A car gearshift in park.

A temporary pause on manufacturing in the automotive industry added to challenging market conditions for plastics recycling companies. | stockphotofan1/Shutterstock

An executive at KW Plastics recently described current market trends and how they’ve impacted scrap plastic prices.

In a recent online discussion hosted by the Institute of Scrap Recycling Industries (ISRI), Scott Saunders, general manager of KW Plastics, explained the impact of COVID-19 on demand and laid out how different resins are faring when it comes to pricing.

Saunders was joined in the presentation by Thomas Swift of the American Chemistry Council and Sunil Bagaria of GDB International. Bagaria is chairman of ISRI’s Plastics Division. (Saunders serves on the board of directors for the Association of Plastic Recyclers, which owns Resource Recycling, Inc.)

Troy, Ala.-based KW Plastics processes about 500 million pounds per year of HDPE and PP combined. The company also operates a manufacturing division, KW Container, that consumes 100 million pounds per year of PP.

World events impact demand and price

Because of the coronavirus pandemic, KW faced the challenge of a major industry it supplies shutting down for several weeks. The automotive sector is a huge consumer of recycled PP and HDPE, Saunders said. When the automotive manufacturing industry paused manufacturing for more than five weeks due to COVID-19, that meant roughly 35% of KW’s business became dormant.

“That’s really had a big impact,” Saunders said.

Another market impact has been the collapse in oil prices. Scrap plastic prices don’t follow oil prices precisely, but they follow the same trend, Saunders said. So when oil prices recently dropped substantially, scrap plastic suffered. Oil prices have rebounded somewhat but are still low.

“It has really depressed the value of plastic material, which ultimately really depresses the value of scrap items,” Saunders said.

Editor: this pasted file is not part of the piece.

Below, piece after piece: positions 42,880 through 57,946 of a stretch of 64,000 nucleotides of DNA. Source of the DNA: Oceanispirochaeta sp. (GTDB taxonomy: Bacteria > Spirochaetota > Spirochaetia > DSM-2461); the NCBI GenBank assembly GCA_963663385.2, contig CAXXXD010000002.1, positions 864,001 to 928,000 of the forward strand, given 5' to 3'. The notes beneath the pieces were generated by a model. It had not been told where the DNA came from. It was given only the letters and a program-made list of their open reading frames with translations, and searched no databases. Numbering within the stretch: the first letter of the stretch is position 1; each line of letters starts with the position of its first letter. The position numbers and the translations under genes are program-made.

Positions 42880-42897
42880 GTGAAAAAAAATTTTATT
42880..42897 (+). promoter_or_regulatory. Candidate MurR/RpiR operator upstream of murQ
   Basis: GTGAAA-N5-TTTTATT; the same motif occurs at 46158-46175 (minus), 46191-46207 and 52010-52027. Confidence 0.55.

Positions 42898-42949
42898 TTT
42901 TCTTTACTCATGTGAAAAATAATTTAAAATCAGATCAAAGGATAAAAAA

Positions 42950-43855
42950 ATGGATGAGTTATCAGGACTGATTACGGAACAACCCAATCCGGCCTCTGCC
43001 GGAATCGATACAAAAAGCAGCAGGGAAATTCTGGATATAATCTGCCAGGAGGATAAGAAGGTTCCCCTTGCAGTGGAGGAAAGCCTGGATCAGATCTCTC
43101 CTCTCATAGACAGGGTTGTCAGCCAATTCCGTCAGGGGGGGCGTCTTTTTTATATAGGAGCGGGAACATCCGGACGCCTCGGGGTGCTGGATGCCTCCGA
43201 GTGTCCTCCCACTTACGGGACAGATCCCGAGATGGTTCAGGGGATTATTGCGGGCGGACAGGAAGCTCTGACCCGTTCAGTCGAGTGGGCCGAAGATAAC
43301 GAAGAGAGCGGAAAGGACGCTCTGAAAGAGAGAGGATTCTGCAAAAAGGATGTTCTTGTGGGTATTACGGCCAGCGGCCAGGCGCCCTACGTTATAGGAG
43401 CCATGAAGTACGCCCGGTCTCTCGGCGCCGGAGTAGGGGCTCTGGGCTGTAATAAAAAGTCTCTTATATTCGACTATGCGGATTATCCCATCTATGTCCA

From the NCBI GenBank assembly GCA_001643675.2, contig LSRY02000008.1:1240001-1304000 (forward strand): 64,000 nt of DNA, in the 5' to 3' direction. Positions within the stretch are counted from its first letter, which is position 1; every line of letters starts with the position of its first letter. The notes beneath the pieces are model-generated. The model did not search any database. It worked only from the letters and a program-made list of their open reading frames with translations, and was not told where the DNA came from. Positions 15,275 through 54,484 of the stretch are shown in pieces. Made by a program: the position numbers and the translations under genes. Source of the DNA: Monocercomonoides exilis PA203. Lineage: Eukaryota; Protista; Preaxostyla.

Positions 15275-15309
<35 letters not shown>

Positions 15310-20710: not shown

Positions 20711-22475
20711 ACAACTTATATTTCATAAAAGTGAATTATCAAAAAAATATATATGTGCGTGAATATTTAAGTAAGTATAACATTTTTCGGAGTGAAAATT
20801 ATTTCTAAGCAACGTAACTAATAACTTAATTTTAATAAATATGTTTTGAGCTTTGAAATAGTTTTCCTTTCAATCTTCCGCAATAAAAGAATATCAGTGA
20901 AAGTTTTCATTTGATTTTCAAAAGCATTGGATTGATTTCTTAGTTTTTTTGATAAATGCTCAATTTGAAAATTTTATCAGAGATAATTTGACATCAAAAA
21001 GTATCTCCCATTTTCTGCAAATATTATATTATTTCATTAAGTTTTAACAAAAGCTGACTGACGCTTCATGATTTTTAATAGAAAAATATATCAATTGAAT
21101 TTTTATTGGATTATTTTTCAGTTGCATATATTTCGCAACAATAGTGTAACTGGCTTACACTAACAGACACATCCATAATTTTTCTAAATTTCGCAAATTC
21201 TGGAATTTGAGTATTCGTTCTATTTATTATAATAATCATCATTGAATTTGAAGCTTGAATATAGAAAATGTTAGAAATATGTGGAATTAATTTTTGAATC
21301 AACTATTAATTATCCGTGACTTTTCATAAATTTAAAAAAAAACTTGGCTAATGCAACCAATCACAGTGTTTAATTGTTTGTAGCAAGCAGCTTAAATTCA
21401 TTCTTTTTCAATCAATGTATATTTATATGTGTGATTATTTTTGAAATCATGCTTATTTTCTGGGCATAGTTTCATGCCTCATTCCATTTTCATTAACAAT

These forces come on the heels of another key challenge that’s unfolded in recent years. The trade war with China, which ramped up throughout 2018 and 2019, had significant impacts on demand, Saunders said. Chinese tariffs weakened demand for HDPE, which in turn lowered demand for recycled HDPE.

Scrap HDPE briefly worth more than virgin material

In a separate trend that took off last fall, prices for recycled natural HDPE began to climb steadily. In August and September, the industry “saw a really tremendous run-up” in natural HDPE prices, to the point where recycled HDPE prices were higher than virgin HDPE prices early this year.

Unprocessed scrap material selling for higher than virgin material is “unprecedented in our business,” Saunders said.

He attributed some of the increase last fall to consumer goods companies committing to use greater quantities of PCR in their products. “That’s when a lot of these programs started to really take effect,” he said.

Prices have declined somewhat as the market rebalanced, he added, but in general the HDPE market remains strong.

“The reason we have such healthy natural [HDPE] prices today and a healthy market is because of the commitments from several CEOs of consumer product companies to add PCR into their packages,” Saunders said, noting that natural HDPE “meets that requirement perfectly.”

Mixed bag for other materials

Other scrap plastic commodities haven’t fared as well.

Mixed-color bales, which include laundry detergent and bleach bottles collected curbside, weren’t affected in the same way as natural HDPE, instead following general market conditions, Saunders said. Already trading for very low prices, mixed-color bales will be further challenged by low oil prices, the fallout from the automotive shutdown and weak market demand from agricultural markets, he said.

It’s a “very, very tough scenario there for mixed color,” he said.

The disparity between natural and colored HDPE is largely due to packaging appearance: Companies can put natural PCR into packaging of any color, whereas colored PCR limits those options.

“The consumer product companies want to use PCR but they really don’t want to make any kind of compromise or change to their packaging or their color requirements,” Saunders said. “So there’s a tremendous amount of demand for the little bit of natural PCR that’s available.”

Growing the marketplace for the colored PCR will require company commitments to accept some slight changes in packaging appearance, Saunders said.

“If we can get that attitude at the CEO level to push down to the engineering and the purchasing level then I think we can move the needle tremendously,” he said.

The market for scrap PP tubs and lids collected at MRFs is also significantly challenged, impacted heavily by declining virgin PP prices and the automotive sector shutdown. PP is commonly used for car battery casings and other car parts.

Some automotive manufacturers began reopening in June, and KW hopes to be shipping material to the automotive markets in July, although Saunders noted that “time will tell.”

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